MCI plan boosts accessibility of mobile phones

July 24, 1992|By Leslie Cauley | Leslie Cauley,Staff Writer

Tracking down cellular phone customers -- in the office, at home and on the road -- is about to get easier.

A new service being tested in the Baltimore-Washington area by MCI Communications Corp. and Bell Atlantic Mobile Systems allows a phone customer with an MCI personal 800 number to receive toll-free 800 calls on his cellular phone. That same number also can be used to reach cellular customers at home or in the office.

The new service means that callers no longer will need to fuss with "roaming" codes to reach cellular customers who have driven out of the service area. And it means an end to having to memorize home, office and car phone numbers.

According to MCI, those two factors frustrate callers who try to call cellular customers to the point that only 15 percent of all

calls to cellular phones are inbound.

"With this new service, callers never have to know where you are. They just have to know your 800 number," said Gerald H. Taylor, president of MCI Consumer Markets.

The new cellular offering is MCI's first move into what it expects to be a growing role in cellular services, now dominated by large cellular companies such as McCaw Cellular Communications Inc. and the regional Bell companies.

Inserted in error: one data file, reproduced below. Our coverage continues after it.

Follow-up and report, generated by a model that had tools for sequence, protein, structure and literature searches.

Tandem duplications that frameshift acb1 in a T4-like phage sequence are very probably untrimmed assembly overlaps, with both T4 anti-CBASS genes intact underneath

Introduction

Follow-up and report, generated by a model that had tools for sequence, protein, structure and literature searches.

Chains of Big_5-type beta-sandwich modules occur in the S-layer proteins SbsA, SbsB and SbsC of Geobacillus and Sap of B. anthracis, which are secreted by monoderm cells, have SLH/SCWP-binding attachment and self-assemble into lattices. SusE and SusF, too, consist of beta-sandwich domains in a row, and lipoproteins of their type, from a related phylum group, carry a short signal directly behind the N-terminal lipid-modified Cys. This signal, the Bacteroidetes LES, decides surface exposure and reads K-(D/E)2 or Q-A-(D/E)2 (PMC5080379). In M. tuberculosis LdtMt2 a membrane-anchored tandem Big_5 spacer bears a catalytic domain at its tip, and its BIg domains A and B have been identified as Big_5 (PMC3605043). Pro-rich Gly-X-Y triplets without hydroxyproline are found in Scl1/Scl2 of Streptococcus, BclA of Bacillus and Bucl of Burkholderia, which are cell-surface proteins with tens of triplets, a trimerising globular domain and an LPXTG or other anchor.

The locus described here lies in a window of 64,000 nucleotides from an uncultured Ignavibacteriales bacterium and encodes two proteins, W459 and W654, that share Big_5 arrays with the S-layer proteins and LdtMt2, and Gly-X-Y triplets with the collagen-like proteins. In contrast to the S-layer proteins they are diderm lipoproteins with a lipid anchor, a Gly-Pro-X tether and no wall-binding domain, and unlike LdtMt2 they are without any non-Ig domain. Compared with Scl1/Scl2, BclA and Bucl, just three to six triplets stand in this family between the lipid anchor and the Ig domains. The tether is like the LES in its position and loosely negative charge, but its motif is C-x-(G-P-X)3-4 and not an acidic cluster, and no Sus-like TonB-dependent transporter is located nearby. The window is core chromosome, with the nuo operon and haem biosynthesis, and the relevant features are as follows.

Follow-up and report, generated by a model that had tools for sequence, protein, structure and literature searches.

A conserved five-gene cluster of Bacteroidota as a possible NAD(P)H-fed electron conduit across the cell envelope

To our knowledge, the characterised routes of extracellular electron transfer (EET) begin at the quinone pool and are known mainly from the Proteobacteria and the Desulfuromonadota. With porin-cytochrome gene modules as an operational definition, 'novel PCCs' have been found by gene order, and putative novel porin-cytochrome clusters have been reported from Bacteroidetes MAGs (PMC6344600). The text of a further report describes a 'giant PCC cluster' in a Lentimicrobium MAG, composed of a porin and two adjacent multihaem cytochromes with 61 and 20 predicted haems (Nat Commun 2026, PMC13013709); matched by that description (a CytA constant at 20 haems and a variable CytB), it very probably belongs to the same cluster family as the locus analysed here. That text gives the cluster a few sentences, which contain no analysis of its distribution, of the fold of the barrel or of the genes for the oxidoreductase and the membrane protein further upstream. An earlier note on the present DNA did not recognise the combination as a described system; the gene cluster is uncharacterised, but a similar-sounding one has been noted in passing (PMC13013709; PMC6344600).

For the time being, the new service makes MCI the only major long-distance company actively pursuing the cellular-services market.

American Telephone & Telegraph Co. sells equipment to cellular-service providers but doesn't provide services.

Sprint recently made a bid to merge with Centel, which has extensive cellular holdings. But that deal has not been completed.

MCI says that if its three-month trial is successful, it plans to make the new service available nationwide. The current technological trial, which began July 15 and was announced this week, involves 100 MCI employees who are also Bell Atlantic customers.

Mr. Taylor said MCI is developing products and services aimed jTC at the cellular market, part of the company's plan for becoming a full-service communications company.

"We intend to compete against all market segments," Mr. Taylor said.

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